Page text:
Prankster or visionary? Curator Joanna looks at Rocket Mail inventor and his early experiments.

In the 1930s, Gerhard Zucker experimented with rockets, claiming missiles could be the future of mail delivery. But was he a visionary pioneer or a self-promoting prankster, profiting from the sale of philatelic curiosities?

Sketch diagram of rocket, 1934 (POST33/5130)

Throughout the 1930s, a number of scientists experimented with transporting mail by rocket at extreme altitude. Gerhard Zucker’s first experiments, for Nazi officials, in the early 1930s were not successful. In 1934 he travelled to the London Air Post Exhibition and met C. H. Dombrowski, a stamp dealer and fellow German. Together they forged the British Rocket Syndicate. In the following months, the Syndicate embarked on a series of demonstrations across the British Isles.

First Demonstration

This little recorded experiment took place just outside London, shortly after the Air Post Exhibition. Three witnesses, including a journalist and a businessman, watched Zucker set up an ‘aluminium cartridge propelled by a rocket’. Zucker fired the rocket from a launching rack and ‘when the rocket had exhausted its energy a parachute floated the mail bag down to earth’.

Second Demonstration: 6 June 1934, Rottingdean, Sussex

Zucker loaded letters into his rocket, bearing special stamps sold by The British Rocket Syndicate. Contemporary reports state that the rocket carried ‘upwards of 3000 letters.’ However, the rocket didn’t really deliver any mail. The rocket shot into the air and returned to earth. The letters were retrieved, taken to the Post Office, and delivered by Brighton postal staff.

Rottingdean trial, The Daily Express clippings, 7 June 1934 (POST33/5130)

Third and Fourth Demonstrations: July 1934, Outer Hebrides

In July 1934 Zucker travelled to the Outer Hebrides, claiming that his rockets could provide a vital communication link between the islands and the mainland. He even claimed that his rockets could transport medical supplies. Zucker performed two demonstrations at the Outer Hebrides. Both were failures.

On 28 July 1934, Zucker attempted to fire a rocket from the Island of Scarp to Harris, over The Sound. He sold special stamps for 2s 6d, bearing the words ‘Western Isles Rocket Post’. Zucker claimed that envelopes bearing Rocket Mail stamps from previous experiments were re-selling for 5 shillings.

Burnt envelope from failed trial, Island of Scarp to Harris, 1934 (POST33/5130)

Once fired, there was a ‘terrific explosion’ and the rocket crash landed. For public safety, the next demonstration was moved to Amhuinnsuidh Castle. On 31 July 1934, the rocket exploded ‘scattering mail’ like ‘confetti’. The Daily Record reported that the ‘fiasco’ resulted in mail ‘scorched and blackened with smoke’. According to the article, Zucker fainted following the disaster.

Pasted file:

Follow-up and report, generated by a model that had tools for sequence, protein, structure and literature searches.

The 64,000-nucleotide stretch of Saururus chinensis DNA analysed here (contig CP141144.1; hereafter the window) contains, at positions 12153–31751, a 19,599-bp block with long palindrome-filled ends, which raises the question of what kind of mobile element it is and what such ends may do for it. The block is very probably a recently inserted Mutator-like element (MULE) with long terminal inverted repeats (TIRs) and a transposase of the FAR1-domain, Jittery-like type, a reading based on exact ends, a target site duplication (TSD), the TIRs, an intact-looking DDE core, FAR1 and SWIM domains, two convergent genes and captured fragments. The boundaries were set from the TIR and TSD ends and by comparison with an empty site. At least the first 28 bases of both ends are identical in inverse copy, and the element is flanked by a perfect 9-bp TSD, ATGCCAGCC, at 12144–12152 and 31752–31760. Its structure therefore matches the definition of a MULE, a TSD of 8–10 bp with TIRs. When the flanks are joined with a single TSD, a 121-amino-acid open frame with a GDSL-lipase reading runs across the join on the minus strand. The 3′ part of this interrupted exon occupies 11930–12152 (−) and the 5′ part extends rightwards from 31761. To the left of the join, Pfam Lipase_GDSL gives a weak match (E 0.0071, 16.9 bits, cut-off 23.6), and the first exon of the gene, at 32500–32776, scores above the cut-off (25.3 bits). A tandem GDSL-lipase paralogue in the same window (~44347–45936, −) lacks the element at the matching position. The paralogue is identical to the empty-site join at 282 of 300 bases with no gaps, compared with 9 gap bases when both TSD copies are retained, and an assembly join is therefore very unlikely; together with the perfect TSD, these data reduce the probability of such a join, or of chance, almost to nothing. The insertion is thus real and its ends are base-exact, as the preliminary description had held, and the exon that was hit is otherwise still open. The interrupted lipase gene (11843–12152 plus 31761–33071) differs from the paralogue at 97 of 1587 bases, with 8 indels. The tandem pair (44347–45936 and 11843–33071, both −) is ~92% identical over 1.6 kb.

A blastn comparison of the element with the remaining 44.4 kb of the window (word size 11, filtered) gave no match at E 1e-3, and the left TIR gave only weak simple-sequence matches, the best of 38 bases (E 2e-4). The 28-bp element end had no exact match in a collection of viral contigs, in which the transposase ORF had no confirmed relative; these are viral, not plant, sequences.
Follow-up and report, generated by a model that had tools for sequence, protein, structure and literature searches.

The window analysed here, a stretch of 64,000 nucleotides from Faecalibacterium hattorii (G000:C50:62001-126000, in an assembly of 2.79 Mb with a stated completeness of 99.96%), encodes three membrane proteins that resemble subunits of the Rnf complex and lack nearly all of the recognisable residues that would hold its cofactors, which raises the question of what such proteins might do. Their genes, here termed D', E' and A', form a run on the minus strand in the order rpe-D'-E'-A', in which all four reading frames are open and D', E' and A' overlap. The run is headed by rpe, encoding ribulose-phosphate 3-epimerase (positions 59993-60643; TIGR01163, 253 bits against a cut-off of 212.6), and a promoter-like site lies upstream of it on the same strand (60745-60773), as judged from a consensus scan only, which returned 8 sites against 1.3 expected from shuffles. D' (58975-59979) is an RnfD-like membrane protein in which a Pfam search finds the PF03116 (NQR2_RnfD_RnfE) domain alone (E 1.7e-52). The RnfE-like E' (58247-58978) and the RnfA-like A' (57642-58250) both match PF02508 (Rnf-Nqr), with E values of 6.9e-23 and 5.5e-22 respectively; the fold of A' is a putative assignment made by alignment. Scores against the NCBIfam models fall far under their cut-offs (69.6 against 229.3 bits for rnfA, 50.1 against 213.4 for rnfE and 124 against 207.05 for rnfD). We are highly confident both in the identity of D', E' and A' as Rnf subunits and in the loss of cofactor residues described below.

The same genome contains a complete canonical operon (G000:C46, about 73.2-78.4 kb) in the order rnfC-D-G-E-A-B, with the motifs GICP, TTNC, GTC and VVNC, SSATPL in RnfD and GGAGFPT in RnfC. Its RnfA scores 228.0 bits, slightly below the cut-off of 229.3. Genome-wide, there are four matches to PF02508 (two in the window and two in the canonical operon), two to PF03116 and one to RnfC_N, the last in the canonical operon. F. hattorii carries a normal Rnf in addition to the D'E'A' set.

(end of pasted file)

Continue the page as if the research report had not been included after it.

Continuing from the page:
Mr MacPherson, Head Postmaster of Lochmaddy, described the ‘dangerous’, ‘haphazard’ failure he witnessed. MacPherson explained that Zucker could give ‘no guarantee that rockets would be undamaged’ during flight, nor could he offer a breakdown of what the technology cost to run.

Fifth Demonstration: 5 December 1934, Lymington, Hants

Apparently undeterred by the failure, Zucker began promoting his next ambitious scheme: to send mail from the mainland to the Isle of Wight. The British Rocket Syndicate overprinted the stamps from the Outer Hebrides demonstration with the words ‘Isle of White First Flight’.

However, this time the envelopes did not contain any actual post, following a warning from the General Post Office that the Rocket Mail stamps infringed the Postmaster General’s monopoly. Once launched, the rocket went off course, travelled about 1.5 miles in the wrong direction, and landed in Pennington Marshes.

Lymington trial, The Daily Telegraph clippings, December 1934 (POST33/5130)

The risk to public safety

The Home Office informed the GPO, by letter on 5 January 1935, that attempts had been made to stop Zucker’s Isle of Wight experiment. Flouting the Home Office’s directive, the Syndicate ‘defied us and fired their rocket.’ The Home Office chastised the GPO for giving permission for ‘certain labels to be placed on the envelopes’ and stated that the presence of Postmasters of Lymington and Newport at the demonstrations had given ‘official encouragement’ to the trials.

Rocket Mail explosion, newspaper clippings, (POST33/5130)

The Director of Public Prosecutions interviewed Zucker and Dombrowski, warning them of ‘criminal proceedings… should they carry out the experiments’. The demonstrations were dangerous and Zucker was reckless with health and safety, claiming to have been arrested for leaving gunpowder in a railway station cloakroom. There are reports that Zucker was later imprisoned for manslaughter after witnesses were killed during a demonstration.


Even before the Isle of Wight demonstration took place, Zucker promoted the future expansion of his work in the press: touting a Dover to Calais route as the next venture. He told reporters that he would ‘then go to Holland, Switzerland, and America’. The General Post Office received enquiries from Post Offices in Europe about these plans, but the GPO responded that they were not involved with the experiments. Dover postal officials were instructed to give no official support to the ‘performance’.

Rocket Mail inventor Zucker, newspaper clippings

Zucker claimed that ‘negotiations were carried out with the Post Office on my behalf’, however, there is no record of any correspondence. The GPO informed the Home Office in January 1935 that ‘the scientific development of rocket conveyance is of less importance to Herr Zucker and Herr Dombrowsky that the manufacture of philatelic curiosities.’

Explore other unusual and even bizarre methods or delivering mail in our Discovery Room.

– Joanna Espin, Curator